If you've been following the news I'm sure you would have heard about two major book retailer collapses - Borders book store in the US and Angus and Robertson in Australasia.
What's interesting about the failures of these companies is their reliance on a traditional business model and traditional way of doing business. Despite the obvious trend of people buying more and more books online, these businesses failed to look at some serious innovation in order to survive.
Some people still like to argue that innovating is a risky venture, one could counter that not innovating was perhaps the riskiest of all decisions to make for these companies.
So what would you do if you were in charge of a traditional business that has an ever increasing competition and declining profit margin?
Innovation can be applied in a number of different ways.
Some simple areas to consider include:
How you are selling your product or service?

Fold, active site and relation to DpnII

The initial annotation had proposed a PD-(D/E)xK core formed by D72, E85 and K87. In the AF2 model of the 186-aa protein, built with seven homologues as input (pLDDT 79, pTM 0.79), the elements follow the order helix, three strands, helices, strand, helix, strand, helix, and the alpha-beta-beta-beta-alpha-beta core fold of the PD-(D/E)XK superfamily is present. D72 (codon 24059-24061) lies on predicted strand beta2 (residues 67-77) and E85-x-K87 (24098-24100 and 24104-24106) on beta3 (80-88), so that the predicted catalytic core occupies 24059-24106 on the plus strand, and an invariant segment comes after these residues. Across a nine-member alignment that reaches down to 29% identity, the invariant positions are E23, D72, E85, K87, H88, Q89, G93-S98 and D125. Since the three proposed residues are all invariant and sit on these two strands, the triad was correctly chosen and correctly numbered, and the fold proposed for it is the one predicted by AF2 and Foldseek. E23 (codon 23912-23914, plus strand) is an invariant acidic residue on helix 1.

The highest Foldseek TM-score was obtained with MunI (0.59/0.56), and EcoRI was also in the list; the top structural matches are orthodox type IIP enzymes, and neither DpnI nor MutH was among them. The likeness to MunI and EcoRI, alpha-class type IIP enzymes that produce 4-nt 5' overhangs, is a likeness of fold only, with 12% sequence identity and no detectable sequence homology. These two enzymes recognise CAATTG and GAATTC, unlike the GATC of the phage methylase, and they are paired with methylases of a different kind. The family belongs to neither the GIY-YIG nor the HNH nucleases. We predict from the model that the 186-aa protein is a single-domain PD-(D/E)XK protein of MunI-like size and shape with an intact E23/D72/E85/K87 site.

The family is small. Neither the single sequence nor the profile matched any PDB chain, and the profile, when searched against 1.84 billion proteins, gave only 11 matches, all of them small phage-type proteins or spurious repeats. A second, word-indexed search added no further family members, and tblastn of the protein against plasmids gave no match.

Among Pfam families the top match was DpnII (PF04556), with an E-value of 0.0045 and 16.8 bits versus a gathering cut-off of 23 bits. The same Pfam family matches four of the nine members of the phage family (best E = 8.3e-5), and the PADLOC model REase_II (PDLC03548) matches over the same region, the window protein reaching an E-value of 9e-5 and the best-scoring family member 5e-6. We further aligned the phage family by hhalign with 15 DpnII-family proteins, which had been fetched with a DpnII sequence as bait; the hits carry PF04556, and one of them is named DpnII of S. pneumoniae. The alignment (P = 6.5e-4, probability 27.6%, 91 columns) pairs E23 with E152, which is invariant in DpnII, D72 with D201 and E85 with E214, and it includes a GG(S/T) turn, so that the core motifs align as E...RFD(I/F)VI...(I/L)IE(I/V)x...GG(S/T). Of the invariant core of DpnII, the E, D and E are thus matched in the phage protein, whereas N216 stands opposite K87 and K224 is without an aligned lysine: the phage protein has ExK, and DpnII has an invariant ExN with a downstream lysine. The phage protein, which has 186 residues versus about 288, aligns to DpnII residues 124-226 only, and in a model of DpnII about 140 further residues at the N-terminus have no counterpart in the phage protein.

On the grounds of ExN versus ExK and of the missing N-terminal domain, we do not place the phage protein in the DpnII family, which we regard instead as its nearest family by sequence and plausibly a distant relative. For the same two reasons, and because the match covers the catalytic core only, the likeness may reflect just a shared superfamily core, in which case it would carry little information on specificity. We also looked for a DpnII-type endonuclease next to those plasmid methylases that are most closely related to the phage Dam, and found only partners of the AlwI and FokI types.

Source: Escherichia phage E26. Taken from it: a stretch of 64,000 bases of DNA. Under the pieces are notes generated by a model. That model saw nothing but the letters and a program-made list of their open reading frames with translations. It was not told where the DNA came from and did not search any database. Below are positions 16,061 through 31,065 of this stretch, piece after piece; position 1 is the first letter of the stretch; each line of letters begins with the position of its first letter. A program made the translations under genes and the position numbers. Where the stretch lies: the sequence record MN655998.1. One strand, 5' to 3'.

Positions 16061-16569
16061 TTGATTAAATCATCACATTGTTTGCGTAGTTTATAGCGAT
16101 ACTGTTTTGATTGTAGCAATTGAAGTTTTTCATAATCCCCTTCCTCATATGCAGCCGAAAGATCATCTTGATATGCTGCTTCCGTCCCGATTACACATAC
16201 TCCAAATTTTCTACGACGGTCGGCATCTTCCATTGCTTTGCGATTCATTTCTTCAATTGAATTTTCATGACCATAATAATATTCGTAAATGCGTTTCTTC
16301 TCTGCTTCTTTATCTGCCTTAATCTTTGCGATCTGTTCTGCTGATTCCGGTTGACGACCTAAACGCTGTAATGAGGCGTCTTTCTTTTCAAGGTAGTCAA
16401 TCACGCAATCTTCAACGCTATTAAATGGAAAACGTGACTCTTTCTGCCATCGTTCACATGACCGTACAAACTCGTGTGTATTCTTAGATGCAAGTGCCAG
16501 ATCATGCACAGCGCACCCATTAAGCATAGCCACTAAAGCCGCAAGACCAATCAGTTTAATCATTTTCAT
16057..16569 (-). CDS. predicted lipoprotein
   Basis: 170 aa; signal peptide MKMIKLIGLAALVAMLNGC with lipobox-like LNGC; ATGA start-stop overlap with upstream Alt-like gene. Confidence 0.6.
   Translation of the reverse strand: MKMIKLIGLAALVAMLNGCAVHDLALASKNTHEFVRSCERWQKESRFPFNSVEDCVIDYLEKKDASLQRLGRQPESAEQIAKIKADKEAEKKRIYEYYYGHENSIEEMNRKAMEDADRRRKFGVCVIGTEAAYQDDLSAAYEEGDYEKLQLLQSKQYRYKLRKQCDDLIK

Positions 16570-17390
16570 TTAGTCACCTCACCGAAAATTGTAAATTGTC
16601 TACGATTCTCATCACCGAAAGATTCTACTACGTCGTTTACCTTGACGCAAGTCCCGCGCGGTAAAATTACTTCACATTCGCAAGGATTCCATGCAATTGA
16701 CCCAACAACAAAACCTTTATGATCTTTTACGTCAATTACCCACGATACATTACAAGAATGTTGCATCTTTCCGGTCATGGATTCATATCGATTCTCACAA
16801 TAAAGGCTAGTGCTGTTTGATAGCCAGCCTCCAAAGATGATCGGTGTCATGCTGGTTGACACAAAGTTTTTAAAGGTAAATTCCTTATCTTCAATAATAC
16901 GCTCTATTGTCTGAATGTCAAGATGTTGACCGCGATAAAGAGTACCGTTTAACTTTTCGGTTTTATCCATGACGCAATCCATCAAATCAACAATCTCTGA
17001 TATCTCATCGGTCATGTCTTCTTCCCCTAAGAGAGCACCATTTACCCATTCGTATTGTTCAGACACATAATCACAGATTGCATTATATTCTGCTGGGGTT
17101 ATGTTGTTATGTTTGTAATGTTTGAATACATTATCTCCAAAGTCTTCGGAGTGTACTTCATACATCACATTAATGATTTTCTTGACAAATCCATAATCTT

What you are selling?
Where you are selling it?
When you are selling it?
Why you are selling it?
How much you are selling it for?
How long it takes to sell it?
A crucial component of innovating requires you to look at the whole business from start to finish.
Once you have mapped the business you then need to consider asking the agitative questions such as "What if we didn't sell books- what then?" "How would we survive and what would we do instead?"
Askingagitating questions can take us to a new territory that we may never have considered before.
What agitating questions could Borders or Angus and Robertson been asking?
"If we weren't selling books would we still be a retailer?
"Could we sell something else? What would we sell?"
"What if we had no face to face selling? How would we operate?"
"What if we didn't buy books from publishers?"
"What if we became publishers as well as a retailer would that help?"
Asking agitative questions is not an easy task, and the ramifications of those questions if applied are likely to have a huge impact. Yet the opportunity of finding a new business solution rather than watching a business collapse makes much more business sense.
Taking an innovative approach is less risky that taking a traditional approach.